At Square Mile we take time to ensure that we have clear and measurable performance objectives for all funds that we review. These vary depending on what outcome is being sought but clearly for equity income funds it is yield, distribution consistency, dividend growth and capital accumulation that are the important considerations. However, satisfying all of these areas all of the time is not easy and this has meant that within the sector there are a range of different approaches that emphasise different objectives. Therefore, we are not particularly concerned as to which sector a fund falls into, as long as it is meeting, or we believe that it can meet, its longer-term performance objectives. An obvious point of contention nonetheless, can be funds that are highlighted, and potentially marketed, as one thing, but in practice managed to a different set of objectives. As such, time must be taken to evaluate and understand each fund on its own merits.

Nevertheless, regarding these changes specifically we would perhaps question whether just meeting the market yield (albeit with the 90% annual limit) makes enough of a distinction between funds that are managed on a true income basis and those to a capital and/or total return outcome. This is especially pertinent in a world where the industry should arguably be, now more than ever, trying to highlight the particular merits of active investing over passive.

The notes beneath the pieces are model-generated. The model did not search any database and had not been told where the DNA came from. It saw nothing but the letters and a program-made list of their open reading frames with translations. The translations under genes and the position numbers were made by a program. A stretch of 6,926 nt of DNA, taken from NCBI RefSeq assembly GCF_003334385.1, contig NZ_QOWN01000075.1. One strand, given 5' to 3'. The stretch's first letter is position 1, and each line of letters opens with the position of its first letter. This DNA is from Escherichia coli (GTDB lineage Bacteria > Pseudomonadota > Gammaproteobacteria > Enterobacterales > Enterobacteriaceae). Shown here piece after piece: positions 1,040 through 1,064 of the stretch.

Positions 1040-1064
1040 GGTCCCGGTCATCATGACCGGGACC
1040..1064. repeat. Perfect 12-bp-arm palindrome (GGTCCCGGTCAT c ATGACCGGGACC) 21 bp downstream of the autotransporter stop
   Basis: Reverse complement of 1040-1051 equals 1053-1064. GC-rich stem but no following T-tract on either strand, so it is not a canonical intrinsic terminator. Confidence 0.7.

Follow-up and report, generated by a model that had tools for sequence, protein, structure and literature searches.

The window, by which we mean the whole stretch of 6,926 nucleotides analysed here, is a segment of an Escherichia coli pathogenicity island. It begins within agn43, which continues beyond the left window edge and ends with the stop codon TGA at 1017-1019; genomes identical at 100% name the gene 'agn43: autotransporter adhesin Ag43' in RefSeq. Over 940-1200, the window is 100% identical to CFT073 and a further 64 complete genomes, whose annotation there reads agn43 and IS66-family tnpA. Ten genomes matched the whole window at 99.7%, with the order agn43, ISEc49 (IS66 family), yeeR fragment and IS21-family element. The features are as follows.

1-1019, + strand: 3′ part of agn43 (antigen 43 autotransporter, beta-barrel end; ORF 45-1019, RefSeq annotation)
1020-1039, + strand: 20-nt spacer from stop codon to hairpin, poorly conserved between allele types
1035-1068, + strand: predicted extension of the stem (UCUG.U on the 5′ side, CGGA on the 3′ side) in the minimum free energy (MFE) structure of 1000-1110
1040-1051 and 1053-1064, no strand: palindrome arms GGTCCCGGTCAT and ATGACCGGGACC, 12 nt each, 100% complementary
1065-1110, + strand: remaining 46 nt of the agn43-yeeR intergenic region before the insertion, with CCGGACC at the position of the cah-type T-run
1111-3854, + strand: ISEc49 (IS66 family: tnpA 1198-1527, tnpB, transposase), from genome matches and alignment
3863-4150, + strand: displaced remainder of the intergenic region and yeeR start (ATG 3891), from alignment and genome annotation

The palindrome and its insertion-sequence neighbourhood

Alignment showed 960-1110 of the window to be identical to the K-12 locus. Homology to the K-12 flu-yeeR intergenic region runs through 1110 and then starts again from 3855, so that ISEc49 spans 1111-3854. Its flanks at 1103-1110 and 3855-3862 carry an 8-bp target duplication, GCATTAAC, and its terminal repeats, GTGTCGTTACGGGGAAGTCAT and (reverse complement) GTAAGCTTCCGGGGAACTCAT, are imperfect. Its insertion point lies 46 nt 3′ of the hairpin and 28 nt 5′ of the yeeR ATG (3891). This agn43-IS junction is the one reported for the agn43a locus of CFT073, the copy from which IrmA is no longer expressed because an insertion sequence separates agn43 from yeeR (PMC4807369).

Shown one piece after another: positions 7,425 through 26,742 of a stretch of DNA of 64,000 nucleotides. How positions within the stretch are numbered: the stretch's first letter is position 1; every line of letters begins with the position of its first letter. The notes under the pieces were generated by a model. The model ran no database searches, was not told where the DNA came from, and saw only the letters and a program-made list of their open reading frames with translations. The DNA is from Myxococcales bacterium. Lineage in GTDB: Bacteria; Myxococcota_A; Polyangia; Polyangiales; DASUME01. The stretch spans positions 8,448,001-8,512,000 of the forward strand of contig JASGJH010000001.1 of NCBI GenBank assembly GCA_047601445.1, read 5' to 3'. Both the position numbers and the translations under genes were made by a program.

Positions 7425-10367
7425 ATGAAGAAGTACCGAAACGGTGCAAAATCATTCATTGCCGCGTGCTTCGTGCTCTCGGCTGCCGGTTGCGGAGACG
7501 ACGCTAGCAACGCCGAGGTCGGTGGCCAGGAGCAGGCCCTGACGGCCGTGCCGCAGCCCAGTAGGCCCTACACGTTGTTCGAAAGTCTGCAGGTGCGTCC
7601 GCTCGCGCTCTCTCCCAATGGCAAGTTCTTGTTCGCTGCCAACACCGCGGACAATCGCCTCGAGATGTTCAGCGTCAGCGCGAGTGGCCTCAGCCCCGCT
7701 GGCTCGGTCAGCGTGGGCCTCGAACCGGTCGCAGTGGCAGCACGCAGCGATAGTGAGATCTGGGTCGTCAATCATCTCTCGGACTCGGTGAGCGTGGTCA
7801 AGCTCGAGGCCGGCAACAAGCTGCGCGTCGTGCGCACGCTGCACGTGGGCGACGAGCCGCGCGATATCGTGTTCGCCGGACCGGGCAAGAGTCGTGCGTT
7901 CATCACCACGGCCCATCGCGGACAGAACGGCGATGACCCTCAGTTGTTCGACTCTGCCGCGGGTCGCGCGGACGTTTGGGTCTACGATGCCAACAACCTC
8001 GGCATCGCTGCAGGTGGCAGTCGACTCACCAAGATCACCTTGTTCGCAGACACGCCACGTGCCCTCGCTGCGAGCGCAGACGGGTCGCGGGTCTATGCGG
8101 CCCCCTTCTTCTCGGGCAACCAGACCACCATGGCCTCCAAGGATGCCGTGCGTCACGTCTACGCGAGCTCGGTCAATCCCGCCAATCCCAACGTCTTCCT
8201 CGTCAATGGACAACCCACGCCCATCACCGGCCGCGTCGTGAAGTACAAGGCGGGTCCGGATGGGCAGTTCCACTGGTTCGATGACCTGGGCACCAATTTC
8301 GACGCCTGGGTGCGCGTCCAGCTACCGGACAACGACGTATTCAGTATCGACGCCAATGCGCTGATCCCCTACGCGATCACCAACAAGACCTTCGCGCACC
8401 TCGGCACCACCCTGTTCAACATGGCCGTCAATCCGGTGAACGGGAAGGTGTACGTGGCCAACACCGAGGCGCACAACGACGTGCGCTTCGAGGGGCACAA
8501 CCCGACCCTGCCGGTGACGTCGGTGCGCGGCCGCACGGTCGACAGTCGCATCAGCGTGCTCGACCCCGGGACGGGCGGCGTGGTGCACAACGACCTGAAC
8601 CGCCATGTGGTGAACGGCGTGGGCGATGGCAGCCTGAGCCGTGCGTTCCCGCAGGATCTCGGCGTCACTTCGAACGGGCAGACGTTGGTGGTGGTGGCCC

We understand that this has been a tough call for the IA to make, especially as they were undoubtedly bombarded with a range of different opinions on the matter. However, whilst we appreciate that they have settled on a decision that will satisfy many fund groups, we would stress that there is now an opportunity to encourage fund managers to clearly quantify what they are looking to achieve. This should be articulated in a well-defined manner that non-investment professionals can comprehend and use to help them make their investment choices, with peer group comparisons being discouraged.